LONDON Government plans to raid the pension pots of the wealthy as part of efforts to cut Britain's deficit will also affect middle-income earners and may discourage workers from taking part in pension schemes.
The amount workers can put in their pension pot before it gets taxed has been reduced to 40,000 pounds a year from 50,000, and the total a worker can accumulate tax-free throughout their lifetime now stands at 1.25 million pounds.
The move will raise 1 billion pounds towards cutting the country's deficit, Chancellor George Osborne said on Wednesday.
"This will reduce the cost of tax relief to the public purse by an extra 1 billion pounds a year by 2016-17," Osborne said in his half-yearly budget statement to parliament.
Osborne said the move would only impact the very largest pension pots, but pension consultants disagreed, warning it could further erode confidence in pension schemes and undermine government efforts to get more people saving for their retirement.
"Osborne claims he is taking a carrot away from the rich, but he is also beating many middle class savers with a stick," Joanne Segars, chief executive of the National Association of Pension Funds, said in a statement.
Because of the way that pensions under "defined benefit" pension schemes - which promise staff a pension based on their final salaries - are valued, many middle-earning members could be penalised.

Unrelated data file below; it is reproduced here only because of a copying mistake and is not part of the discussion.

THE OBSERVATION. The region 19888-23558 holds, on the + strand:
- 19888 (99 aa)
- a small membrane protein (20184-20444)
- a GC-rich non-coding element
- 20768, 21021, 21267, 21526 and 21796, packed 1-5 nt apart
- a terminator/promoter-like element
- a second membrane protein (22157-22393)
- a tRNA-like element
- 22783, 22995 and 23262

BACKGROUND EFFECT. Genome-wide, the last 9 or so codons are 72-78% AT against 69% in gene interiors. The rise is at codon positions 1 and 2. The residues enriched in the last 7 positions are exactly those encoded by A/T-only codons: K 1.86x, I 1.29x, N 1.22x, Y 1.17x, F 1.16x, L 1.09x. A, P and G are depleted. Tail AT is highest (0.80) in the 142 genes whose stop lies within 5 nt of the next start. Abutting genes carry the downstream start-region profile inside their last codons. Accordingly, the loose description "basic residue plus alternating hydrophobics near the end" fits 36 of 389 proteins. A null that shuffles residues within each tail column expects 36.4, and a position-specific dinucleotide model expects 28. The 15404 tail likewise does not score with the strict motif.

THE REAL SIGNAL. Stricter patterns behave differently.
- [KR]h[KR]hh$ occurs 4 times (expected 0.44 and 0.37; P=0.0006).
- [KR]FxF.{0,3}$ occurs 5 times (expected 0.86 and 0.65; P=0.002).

A modest promotion after years of built-up service and contributions to a pension scheme could result in one-off tax bill for moderate earners.
Public sector workers may decide to retire early to avoid their retirement funds being taxed, city law firm Berwin Leighton Paisner said in a statement.
"If there are doubts over the future tax treatment of pensions, people at all income levels might be less willing to save into pensions vehicles," Paul Sweeting, European head of strategy at J.P. Morgan Asset Management, said.
The move comes 18 months after the UK government cut the amount workers can pay tax-free into their pension from 255,000 pounds to 50,000 pounds in April 2011, making thousands of workers liable for a tax charge on their pensions.
On a positive note for workers, the government will allow retirees with so-called "drawdown plans" to take an extra 20 percent of income from their pensions pots.
A drawdown plan allows people to keep their pension invested while taking an income to support them in retirement.
(Reporting by Sarah Mortimer; Editing by Helen Massy-Beresford)